As both the liquid core and the much smaller layer of liquid mantle are pushed by the pressure waves in the direction of the energy antipode, the lighter material (the mantle) will rise first.

The pressure waves will penetrate the liquid core, whereas the shear waves will not. This means that the liquid core will be impacted by the pressure waves and will distend towards the energy antipode, just as the small layer of liquid mantle will do. This also means that, in the case of a really large impact, there would be so much material moving upward that some of liquid core would be included in the mantle plume that rises to the surface. In this case, we would expect to see nickel and even iron in the volcanic material ... which we do see in the Deccan traps, the Siberian traps and other Large Igneous Provinces (LIPs). One would expect that the lightest material (the mantle) would dominate the first eruptions (and in the case of small plumes, almost all of the material might be mantle material). However, in the case of large plumes, subsequent material might be a mix of both mantle and outer core.

The evidence supports this theory. Wikipedia and several other sources note that LIPs are associated with economic concentrations of copper-nickel and iron. The Siberian traps are listed as the largest source of volcanic nickel on the planet.


An interesting sidelight involves the longevity of these mantle plumes. A person might wonder why the plume tubes wouldn't collapse rather quickly, instead of leading to hotspots that last for tens and even hundreds of millions of years.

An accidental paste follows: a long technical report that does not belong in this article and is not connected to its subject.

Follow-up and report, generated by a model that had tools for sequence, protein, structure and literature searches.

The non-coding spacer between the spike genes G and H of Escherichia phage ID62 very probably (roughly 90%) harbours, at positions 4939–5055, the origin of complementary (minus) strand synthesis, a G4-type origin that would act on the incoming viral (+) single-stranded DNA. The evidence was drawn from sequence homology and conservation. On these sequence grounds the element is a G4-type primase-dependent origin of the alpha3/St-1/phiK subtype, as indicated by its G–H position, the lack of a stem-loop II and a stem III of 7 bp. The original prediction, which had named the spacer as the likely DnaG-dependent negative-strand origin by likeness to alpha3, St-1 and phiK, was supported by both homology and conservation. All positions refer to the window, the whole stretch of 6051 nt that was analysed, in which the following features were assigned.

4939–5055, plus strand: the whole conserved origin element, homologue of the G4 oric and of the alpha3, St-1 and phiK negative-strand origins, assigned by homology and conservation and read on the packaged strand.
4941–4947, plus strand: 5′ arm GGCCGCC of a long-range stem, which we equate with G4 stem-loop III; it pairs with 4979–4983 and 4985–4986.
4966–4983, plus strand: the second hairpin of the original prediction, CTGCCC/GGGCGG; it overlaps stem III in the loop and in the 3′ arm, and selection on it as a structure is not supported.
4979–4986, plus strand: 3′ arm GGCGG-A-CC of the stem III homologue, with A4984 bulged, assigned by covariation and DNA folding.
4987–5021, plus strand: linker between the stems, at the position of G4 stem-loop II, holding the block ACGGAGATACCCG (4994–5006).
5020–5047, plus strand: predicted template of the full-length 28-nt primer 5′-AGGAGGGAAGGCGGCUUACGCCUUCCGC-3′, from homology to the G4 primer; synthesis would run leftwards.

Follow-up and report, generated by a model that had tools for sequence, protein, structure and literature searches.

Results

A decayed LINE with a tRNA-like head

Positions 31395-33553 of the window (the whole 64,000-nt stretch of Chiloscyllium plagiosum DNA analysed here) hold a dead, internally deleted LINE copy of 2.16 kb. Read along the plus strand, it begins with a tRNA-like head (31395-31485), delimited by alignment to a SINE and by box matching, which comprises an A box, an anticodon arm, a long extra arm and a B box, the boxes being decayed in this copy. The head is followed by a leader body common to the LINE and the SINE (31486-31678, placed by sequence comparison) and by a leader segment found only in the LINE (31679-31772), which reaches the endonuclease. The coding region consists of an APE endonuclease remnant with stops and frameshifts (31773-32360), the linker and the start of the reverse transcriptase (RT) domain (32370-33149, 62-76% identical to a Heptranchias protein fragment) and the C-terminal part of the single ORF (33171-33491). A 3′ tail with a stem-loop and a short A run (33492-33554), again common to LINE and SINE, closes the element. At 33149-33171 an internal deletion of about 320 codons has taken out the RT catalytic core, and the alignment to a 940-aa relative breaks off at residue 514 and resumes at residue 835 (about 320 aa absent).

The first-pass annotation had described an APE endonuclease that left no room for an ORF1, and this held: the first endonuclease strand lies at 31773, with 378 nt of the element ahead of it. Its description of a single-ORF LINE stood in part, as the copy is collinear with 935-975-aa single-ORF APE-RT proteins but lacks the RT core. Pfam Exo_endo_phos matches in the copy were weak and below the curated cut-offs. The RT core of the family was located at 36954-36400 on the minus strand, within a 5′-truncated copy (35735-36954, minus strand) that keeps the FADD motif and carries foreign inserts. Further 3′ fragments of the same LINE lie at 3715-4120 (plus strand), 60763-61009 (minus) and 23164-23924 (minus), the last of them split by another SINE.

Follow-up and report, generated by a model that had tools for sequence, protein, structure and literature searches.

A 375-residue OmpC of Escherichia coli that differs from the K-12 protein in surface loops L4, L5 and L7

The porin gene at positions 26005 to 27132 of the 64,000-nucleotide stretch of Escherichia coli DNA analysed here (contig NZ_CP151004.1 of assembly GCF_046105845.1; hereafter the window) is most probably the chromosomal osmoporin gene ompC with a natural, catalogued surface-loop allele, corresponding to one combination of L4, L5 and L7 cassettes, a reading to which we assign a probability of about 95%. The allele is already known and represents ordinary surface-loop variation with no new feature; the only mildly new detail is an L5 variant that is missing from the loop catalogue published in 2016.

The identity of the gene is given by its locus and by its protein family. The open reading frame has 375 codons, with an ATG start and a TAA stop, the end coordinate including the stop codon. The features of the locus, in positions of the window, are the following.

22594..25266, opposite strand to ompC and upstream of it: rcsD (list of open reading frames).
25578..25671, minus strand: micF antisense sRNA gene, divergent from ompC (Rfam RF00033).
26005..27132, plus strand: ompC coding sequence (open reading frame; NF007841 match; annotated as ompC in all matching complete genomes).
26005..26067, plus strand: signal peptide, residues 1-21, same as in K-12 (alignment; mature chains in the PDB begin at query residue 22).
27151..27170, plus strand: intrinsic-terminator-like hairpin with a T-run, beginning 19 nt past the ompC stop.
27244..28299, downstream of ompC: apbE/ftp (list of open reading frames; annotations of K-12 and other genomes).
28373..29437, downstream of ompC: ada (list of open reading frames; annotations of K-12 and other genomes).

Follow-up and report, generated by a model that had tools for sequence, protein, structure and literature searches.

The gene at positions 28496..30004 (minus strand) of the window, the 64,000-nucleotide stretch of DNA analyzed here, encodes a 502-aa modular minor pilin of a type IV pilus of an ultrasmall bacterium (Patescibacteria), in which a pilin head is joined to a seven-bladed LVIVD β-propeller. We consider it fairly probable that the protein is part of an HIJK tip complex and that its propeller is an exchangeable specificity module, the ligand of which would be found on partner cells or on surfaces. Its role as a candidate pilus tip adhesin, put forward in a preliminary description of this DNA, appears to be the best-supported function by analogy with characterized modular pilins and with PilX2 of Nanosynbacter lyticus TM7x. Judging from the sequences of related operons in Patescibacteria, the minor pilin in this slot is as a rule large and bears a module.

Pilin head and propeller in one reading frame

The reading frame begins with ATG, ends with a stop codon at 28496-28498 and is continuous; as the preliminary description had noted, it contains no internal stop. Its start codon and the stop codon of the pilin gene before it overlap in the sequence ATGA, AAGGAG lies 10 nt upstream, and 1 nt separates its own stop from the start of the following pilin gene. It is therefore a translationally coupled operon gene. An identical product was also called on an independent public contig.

A livescience article by Tia Ghose entitled "Earth's Biggest Deep Earthquake Still a Mystery," notes that olivine, under great pressure, can transform into spinel, and that this transformation is irreversible. Spinel is a hard, tough substance that might well be acting as a sheath around the liquid olivine that escaped the extreme pressure waves by fleeing to the surface. The olivine that couldn't escape along the walls may have been transformed into a sheath of spinel. 127


The Standard Theory hypothesizes pockets of molten olivine next to the core that gradually make their way to the surface in the form of mantle plumes at a rate of about one inch per year. The Standard Theory sees no relationship between very large impacts and the creation of mantle plumes.

My theory hypothesizes a layer of molten olivine next to the core. A very large impact will cause pressure waves that will then cause the liquid olivine to converge at the interior physical antipode at the mantle/core boundary. If the shear waves are strong enough for long enough, they will cause shaking in the mantle that will reach levels beyond the FRT. Once the material in the mantle is shaken beyond the FRT, the directionally pressured liquid olivine will be forced upward to the underside of the Earth's lithosphere in the form of a mantle plume. The forward over-topping energy transferred from the off-center impact will result in an energy antipode at the surface that is slightly beyond and to the side of the physical antipode.